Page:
Interview with Stephen Cenatiempo, 2CC Breakfast
23 May 2023
STEPHEN CENATIEMPO: Now, normally on a Tuesday we catch up with Shadow Treasurer Angus Taylor, but unfortunately, Angus is otherwise disposed at the moment. So we're joined by the Shadow Minister for Finance and Chair of the Select Committee on the Cost of Living, Senator Jane Hume. Jane, good morning.
JANE HUME: Great to be with you, Stephen. I'm very worried that I, I certainly hope I do well on that Canstar test.
STEPHEN CENATIEMPO: As the Shadow Minister for Finance, I would hope you do too.
JANE HUME: You’d hope so, you’d hope so.
STEPHEN CENATIEMPO: Let's talk about scorecards at the moment the Albanese government has now been in power for 12 months. My biggest criticism of the government is that they are very backward looking and still blaming the previous government for everything I would have hoped they'd moved on from that now. I'm imagining you're not going to give them a particularly good report card.
JANE HUME: I don't think, not only do I not need to give them a good report card but they're meeting in their first party room today since the Budget. I reckon they killed their own honeymoon. I think it's gonna be pretty quiet in that party room today. They talked a very big game before the election, but I think that Australians are learning pretty quickly that talk is probably the only thing that Labor has kept cheap in the last 12 months, electricity bills continue to rise. They can't even say the words $275 anymore, even though that was what they promised that would then take off your power bill. But now it looks like energy prices are gonna go up even for the lowest incomes by around $500 a year. There's extra spending around $185 billion of extra spending. New taxes, real wages are going down. You know, I think that they promised a 24/7 nurse in every aged care home they can't deliver that one they won't be able to deliver that one. So I don't think that there's actually all that much to celebrate one year on.
STEPHEN CENATIEMPO: Although the Prime Minister himself has said the government this government has a sense of purpose. We've dealt with immediate challenges while building a better future long term. We're operating a proper cabinet government which takes advantage of the talent and capacity across our team.
JANE HUME: Oh, okay. That's a fantastic phrase. I'm not entirely sure whether it's manifested in reality, though. I mean, let's face it, every single government faces its own particular challenges. And the previous government, obviously, we were facing a global pandemic that had both health and financial implications, the likes of which no government had ever seen before. This government's big issue is inflation. It's had a seven in front of it for the last three quarters of a row. Now, the good news is there is a rule book on how to deal with this. The problem is Labor aren't reading the rule book. They're relying on a hope and a prayer to bring inflation down the budget that they delivered. There's nothing, not a single measure in there that will sustainably bring down inflation, and lowering inflation is the only policy that's going to deliver a cost of living relief for all Australians.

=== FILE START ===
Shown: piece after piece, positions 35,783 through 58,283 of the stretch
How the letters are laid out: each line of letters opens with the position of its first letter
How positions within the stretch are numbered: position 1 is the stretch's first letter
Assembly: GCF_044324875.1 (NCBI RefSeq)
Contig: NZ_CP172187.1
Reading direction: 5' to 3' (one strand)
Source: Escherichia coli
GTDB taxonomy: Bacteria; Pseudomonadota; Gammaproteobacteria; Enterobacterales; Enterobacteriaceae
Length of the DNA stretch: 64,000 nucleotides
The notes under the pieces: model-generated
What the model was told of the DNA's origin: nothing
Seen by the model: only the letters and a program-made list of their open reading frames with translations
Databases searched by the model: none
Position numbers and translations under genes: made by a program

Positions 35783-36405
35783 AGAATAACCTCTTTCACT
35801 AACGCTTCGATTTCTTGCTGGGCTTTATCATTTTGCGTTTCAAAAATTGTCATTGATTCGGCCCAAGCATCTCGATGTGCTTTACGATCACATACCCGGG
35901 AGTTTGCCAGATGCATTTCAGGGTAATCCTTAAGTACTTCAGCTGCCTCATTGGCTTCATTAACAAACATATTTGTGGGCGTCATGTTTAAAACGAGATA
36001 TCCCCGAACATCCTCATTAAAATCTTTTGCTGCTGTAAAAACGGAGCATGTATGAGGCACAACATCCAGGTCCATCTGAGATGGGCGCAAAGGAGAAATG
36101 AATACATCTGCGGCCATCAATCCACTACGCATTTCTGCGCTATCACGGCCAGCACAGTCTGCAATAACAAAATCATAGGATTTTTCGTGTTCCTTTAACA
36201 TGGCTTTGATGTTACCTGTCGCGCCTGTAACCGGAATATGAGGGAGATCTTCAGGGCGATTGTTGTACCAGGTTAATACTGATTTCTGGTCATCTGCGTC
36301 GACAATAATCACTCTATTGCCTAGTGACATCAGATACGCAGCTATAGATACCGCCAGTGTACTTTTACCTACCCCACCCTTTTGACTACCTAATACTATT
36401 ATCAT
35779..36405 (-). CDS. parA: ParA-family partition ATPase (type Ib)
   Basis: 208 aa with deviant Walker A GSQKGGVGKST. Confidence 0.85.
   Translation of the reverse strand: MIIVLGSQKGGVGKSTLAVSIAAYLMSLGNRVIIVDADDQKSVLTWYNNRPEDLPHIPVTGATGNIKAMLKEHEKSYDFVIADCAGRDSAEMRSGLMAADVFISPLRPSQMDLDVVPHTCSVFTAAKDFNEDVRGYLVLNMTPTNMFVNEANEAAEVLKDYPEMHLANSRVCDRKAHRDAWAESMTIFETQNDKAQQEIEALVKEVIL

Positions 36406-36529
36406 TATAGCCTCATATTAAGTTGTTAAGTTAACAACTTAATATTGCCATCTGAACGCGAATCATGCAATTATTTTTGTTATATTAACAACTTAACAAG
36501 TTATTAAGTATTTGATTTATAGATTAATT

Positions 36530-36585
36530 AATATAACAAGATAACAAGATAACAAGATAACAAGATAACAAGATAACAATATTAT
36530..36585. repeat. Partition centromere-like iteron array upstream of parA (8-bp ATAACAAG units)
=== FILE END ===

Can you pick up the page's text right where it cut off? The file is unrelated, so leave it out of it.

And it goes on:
STEPHEN CENATIEMPO: Well, most government members have been producing or I guess regurgitating the same meme on social media this week, talking about the fact that they've strengthened Medicare by making it easier to see a doctor created and secured local jobs while investing in fee free TAFE and more university places and making your job more secure with better pay and conditions, making childcare cheaper so that it's easier for working families to get ahead and making more things here. By working with business to invest in manufacturing renewables to create more Australian jobs. All of those things sound pretty good.
JANE HUME: Well, except for the fact that if you ask any Australian, do you feel better off today than you did 12 months ago? The answer is inevitably no. And in fact, the decisions that this government are making are actually making life harder for Australians, particularly families with a mortgage. Unless, you know, the government can take pressure off its fiscal strategy, stop the spending and indicate to the Reserve Bank that it doesn't need to raise rates anymore, Well then it's going to be families with a mortgage that pay the price because inflation will stay higher for longer, which means interest rates will stay higher for longer. You know, regional and rural Australians, they're getting no new infrastructure because there's been cuts and delays to the programme that had been put in place for a ten year pipeline of programmes Farmers now facing new taxes, truckies are facing new taxes. Self-funded retirees are having their franking credits attacked, and their superannuation taxed more. And now there's another passenger movement charge. So the poor old tourism operators that really suffered under COVID are getting another hit. So I actually think that you'd be hard pressed to find an Australian that feels like they're better off today than they were 12 months ago.
STEPHEN CENATIEMPO: I think you might be right there. Senator Jane Hume thanks for your time this morning.
JANE HUME: Great to be with you, Stephen.
STEPHEN CENATIEMPO: Senator Hume is the Shadow Minister for Finance and Chair of the Select Committee on Cost of Living.